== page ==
CARRABASSETT VALLEY — Special Olympics athletes didn't let single-digit temperatures stop them from competing in snowshoeing, and Alpine, Nordic, and slalom skiing on Monday at Sugarloaf/USA.
Bryce Kennedy of Orono was hoping to add another medal, or at least a ribbon, he said, to his collection. Last year, he brought home a silver medal in snowshoeing.
“I have a lot, and I keep them in a drawer in my bedroom,” he said. “I haven’t counted them, though.”
This is his first year competing in the sit-ski event, and he was excited about trying something new.
“There are cones, and you have to go around them,” Kennedy said. “I think I did OK.”
In the sit-ski event, the skis are on either side of a seat, he explained, and the athletes are towed to the top of the obstacle course. The downhill run requires some dexterity and quick maneuvering. Skiers are timed as they race through checkpoints.
Orono sit-ski athletes Reis Perkins and Sarah Tozer and Alpine skier Justine Dyer sat with Kennedy in the base lodge for lunch with a view of the mountains.
They each opened one of the nearly 900-bag lunches provided by volunteers, and they shared stories as they ate.
Some of Kennedy's Orono team members have competed in Special Olympics for at least 16 years, coach Betsy Dyer said, also the mother of Justine Dyer.
Dyer has skied with her family since she was 2 1/2 years old. She is a good skier, her team members agreed unanimously.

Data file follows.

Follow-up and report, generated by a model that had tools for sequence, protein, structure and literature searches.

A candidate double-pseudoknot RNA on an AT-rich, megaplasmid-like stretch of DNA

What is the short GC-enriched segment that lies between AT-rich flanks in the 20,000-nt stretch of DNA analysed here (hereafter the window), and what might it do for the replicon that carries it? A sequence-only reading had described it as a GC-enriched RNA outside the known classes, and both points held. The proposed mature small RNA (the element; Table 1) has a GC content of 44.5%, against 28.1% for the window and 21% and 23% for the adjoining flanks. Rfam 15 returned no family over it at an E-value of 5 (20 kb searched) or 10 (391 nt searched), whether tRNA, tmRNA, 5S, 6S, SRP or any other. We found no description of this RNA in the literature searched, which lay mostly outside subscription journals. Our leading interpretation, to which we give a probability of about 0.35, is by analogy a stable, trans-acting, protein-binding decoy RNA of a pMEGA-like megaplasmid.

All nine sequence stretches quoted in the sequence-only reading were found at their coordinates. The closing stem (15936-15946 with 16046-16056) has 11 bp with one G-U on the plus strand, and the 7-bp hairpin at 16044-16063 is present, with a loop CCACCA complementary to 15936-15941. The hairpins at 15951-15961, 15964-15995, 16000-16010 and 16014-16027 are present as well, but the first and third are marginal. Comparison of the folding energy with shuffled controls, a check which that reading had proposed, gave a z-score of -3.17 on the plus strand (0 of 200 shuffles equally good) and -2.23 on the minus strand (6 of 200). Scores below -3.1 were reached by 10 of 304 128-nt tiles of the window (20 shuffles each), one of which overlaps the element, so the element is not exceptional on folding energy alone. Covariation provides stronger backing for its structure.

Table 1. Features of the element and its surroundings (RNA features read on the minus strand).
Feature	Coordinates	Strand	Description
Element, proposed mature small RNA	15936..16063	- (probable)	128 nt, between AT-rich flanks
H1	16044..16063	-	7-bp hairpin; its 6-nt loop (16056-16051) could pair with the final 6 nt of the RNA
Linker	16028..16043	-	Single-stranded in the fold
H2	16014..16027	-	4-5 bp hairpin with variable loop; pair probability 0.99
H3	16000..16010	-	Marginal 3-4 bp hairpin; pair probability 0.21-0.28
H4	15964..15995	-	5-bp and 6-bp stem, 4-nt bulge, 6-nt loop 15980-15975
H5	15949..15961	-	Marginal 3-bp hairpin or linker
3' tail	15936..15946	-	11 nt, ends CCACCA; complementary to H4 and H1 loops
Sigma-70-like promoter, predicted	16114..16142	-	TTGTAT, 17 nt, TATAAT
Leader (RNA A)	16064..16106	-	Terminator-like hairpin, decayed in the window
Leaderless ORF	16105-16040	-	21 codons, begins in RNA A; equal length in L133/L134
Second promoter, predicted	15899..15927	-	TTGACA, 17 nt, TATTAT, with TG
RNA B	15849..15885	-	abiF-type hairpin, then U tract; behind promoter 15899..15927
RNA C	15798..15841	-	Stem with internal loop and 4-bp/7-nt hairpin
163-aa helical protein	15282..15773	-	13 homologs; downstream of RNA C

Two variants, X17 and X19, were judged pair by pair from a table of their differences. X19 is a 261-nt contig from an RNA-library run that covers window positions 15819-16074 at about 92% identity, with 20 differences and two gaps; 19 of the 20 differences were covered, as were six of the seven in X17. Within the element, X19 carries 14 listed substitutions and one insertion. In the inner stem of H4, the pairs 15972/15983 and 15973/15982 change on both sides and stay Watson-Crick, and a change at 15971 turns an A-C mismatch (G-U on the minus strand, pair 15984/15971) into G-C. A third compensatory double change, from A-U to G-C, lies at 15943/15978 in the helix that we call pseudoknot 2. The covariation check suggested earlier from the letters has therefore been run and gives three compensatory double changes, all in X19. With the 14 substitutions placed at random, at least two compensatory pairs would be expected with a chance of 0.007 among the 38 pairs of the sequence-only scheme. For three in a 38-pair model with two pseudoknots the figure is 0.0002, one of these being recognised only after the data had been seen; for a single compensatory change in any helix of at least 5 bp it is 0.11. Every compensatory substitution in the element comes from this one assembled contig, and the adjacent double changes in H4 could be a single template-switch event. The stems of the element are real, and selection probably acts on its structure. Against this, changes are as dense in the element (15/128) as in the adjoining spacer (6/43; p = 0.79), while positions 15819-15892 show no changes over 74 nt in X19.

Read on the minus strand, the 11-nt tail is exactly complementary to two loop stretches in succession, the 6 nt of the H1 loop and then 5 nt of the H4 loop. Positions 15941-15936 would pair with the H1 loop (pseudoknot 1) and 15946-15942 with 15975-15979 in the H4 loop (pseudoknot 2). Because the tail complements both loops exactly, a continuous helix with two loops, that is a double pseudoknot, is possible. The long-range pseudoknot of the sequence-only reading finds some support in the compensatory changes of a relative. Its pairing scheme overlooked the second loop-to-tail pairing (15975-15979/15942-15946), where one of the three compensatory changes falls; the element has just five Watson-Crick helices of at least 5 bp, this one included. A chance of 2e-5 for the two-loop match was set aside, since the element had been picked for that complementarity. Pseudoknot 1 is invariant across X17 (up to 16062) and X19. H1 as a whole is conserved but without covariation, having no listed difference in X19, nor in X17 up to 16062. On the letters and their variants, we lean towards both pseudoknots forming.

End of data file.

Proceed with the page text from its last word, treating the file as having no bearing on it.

Mike Lawler of Hamden has been coached for six years, and Mark Duhamel of New Gloucester and Rock Libby of Hartford have volunteered for 24 years.
Fourteen volunteers from the Maine Handicapped Skiing program in Newry came to coach the sit-skiers.
“The Special Olympics people really needed a hand, so we help out and lend some of the specialized equipment,” Duhamel said.
At noon, thunderous applause and cheers greeted teams from across the state. Game wardens, wearing their red wool jackets, stood at attention as athletes gathered at the Sugarloaf base lodge.
Ricky Davis of Waterville, an 11-year veteran of the games, sat in his wheelchair, enjoying the festivities from the sunny entryway of the lodge. He and his coach Vance Briggs had participated in the sit-ski competition, and Ricky was ready to relax. He had plans for the evening, though.
“I’m going to the parade, and then there’s a dance,” he said, smiling broadly.
In all more than 500 athletes from around Maine, ages 8 to 80, were expected to participate in the three-day event at Sugarloaf. The games will wrap up Tuesday with closing ceremonies at the base lodge at noon.